What snooty-me wanted to say:  Yes, and so it should be, if you need a refresher!
What I actually said (laughing in the nicest way):   Yeah, but it's not that hard for the kids once they get in the habit of...
DM:  Is it OK if I take a missal home from Mass?  The priest won't mind?
Me:  I'm sure he'd be happy to know you were taking a second look at the readings!  So, have a good week!


Tuesday, October 11, 2011

Jewel Weed's Jewel

The younger kids visited Thomas More College during the open house this weekend.  They had an opportunity to stay overnight in the dormitories, eat and chat with students, and attend classes.  While they did that, Don and I had a pleasant time in Nashua.  Later, Don went to find cheap gas with supermarket gas points...he paid $1.09.  Woohoo!

Meanwhile, I explored the grounds of the college.  I must admit, I was quite surprised by the small size of the campus, and the wooded area surrounding the buildings.  The flora and fauna are typical NH...it smelled of pine!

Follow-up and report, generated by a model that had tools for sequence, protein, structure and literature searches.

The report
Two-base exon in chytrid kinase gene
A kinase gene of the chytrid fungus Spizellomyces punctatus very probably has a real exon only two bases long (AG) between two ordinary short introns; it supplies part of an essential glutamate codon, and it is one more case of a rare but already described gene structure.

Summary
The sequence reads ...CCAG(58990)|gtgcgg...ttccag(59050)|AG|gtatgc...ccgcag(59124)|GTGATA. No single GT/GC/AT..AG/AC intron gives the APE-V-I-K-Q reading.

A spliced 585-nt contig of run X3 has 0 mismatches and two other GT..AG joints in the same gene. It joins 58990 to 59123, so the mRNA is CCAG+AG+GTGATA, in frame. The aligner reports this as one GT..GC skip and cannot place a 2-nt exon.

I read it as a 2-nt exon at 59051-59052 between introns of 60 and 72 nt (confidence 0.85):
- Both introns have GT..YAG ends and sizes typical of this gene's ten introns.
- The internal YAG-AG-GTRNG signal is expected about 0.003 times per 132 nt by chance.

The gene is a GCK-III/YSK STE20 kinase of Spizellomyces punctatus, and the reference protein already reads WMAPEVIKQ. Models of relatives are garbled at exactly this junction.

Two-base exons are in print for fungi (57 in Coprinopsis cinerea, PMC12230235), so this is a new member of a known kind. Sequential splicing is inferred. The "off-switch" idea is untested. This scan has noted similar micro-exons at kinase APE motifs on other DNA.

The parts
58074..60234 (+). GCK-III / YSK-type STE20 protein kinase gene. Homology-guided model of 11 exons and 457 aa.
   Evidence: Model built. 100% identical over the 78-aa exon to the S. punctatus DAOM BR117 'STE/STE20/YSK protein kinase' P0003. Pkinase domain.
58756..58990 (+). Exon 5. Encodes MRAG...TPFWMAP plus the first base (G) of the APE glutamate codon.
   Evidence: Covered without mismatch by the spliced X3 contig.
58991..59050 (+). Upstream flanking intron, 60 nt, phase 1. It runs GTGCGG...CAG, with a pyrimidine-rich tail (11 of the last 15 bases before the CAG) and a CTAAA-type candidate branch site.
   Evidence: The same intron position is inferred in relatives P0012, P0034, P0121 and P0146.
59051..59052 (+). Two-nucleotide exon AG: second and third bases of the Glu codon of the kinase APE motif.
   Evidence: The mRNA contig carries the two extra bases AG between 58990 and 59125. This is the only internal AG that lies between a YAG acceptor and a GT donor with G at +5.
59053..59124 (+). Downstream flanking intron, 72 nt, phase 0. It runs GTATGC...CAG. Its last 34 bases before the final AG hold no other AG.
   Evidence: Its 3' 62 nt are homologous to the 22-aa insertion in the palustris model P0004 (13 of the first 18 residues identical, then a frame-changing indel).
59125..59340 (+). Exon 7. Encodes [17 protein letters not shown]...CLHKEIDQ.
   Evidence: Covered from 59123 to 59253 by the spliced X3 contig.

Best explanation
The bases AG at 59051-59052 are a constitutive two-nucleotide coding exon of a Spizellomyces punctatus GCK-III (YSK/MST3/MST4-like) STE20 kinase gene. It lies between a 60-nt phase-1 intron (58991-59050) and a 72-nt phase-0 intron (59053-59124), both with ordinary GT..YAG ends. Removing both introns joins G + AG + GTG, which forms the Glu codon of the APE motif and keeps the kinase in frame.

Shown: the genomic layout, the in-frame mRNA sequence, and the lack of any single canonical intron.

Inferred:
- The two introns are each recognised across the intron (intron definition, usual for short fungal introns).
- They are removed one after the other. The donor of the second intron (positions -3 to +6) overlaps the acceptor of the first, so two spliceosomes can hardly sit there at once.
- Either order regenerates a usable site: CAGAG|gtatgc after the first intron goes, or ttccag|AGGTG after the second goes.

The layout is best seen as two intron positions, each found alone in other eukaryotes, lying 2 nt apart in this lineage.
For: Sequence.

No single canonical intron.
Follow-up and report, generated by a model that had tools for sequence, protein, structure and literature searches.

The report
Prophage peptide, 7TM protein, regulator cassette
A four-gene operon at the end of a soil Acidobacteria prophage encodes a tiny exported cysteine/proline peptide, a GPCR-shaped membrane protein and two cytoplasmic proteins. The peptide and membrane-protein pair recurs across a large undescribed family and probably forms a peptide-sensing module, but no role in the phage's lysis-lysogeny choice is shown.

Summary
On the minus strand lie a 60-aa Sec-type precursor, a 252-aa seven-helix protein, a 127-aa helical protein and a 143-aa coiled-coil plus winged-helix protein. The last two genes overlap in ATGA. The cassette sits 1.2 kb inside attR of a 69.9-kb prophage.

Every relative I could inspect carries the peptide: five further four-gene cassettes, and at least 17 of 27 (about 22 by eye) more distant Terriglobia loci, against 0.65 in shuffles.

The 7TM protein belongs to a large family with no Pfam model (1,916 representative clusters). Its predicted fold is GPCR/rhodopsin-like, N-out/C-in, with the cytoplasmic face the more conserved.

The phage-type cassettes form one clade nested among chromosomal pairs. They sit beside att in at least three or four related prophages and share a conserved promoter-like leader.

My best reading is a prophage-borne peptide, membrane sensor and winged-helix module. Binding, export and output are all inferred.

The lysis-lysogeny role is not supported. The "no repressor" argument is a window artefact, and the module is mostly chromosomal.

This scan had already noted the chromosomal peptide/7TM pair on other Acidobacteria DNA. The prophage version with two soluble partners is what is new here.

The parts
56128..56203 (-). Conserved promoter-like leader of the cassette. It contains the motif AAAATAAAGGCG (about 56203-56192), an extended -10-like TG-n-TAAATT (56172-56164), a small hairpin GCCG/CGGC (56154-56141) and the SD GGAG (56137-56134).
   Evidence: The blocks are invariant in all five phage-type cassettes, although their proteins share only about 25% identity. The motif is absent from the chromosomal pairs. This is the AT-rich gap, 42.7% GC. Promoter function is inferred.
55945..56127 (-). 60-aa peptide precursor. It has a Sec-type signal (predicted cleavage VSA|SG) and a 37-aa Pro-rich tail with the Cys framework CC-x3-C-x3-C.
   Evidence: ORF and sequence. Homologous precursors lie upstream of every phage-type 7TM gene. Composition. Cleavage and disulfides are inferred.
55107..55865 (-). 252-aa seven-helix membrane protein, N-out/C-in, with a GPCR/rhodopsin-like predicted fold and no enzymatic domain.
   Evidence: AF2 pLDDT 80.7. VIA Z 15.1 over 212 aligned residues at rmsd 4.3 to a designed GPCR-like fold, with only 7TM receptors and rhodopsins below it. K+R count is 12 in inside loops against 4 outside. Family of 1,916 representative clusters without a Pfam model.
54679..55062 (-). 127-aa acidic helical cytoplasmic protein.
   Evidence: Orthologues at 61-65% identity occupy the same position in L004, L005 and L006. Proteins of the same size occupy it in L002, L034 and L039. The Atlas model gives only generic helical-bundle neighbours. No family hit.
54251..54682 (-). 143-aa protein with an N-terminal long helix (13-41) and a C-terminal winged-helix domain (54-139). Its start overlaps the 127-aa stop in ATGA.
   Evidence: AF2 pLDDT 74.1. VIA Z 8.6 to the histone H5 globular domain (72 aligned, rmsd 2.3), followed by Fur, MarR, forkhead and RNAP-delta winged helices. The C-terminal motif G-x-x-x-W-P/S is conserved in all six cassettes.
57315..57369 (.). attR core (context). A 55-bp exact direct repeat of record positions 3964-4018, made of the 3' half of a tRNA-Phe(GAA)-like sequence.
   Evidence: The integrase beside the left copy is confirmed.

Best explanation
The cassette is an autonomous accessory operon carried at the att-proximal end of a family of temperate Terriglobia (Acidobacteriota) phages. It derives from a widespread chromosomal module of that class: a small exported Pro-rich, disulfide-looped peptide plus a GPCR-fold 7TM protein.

Behind the library, I found some jewel weed.  It has a pretty orange flower that sometimes attracts hummingbirds (though I saw none today).  Most of the plant had gone to seed, but a few blooms were left.

Jewel weed flowers

The real jewel of the weed is not the flower, though.  There are a few tales of how the weed got its name, but I like to think the seed hidden inside a spring-loaded pod is the reason.  Here's the pod on a small branch:
A few leaves with a seed pod

And here is the pod after I touched it (some people call the plant a touch-me-not).  As the sides of the pod peel suddenly away, the seeds shoot away.  If you release it correctly (I hold my hand around it) you will catch a seed or two.  The mature seed is covered with a green or brown coat.:
The seed revealed, with the pod peeled away

The small seed is less than a cm long, but if you carefully peel the coating off...
The jewel!
A tiny blue-green "jewel" of a seed is revealed.  Then, you can eat it!  It tastes a bit like an almond.

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Thursday, October 6, 2011

Steve Jobs and One Christmas Eve

No, this isn't a post about the cool Apple products I own.  In fact, I do not own any Apple products, though my daughter has an old iPod that she loves.  But I have always admired Apple products.  Instead, this is a blatant pro-life post.

By now, most people have read his story, along with his birth mother's story, and the story of his adoption as well as his path to success.  If you haven't, do so here; it's beautiful.  And it reminds me of a Christmas eve back in the 80s...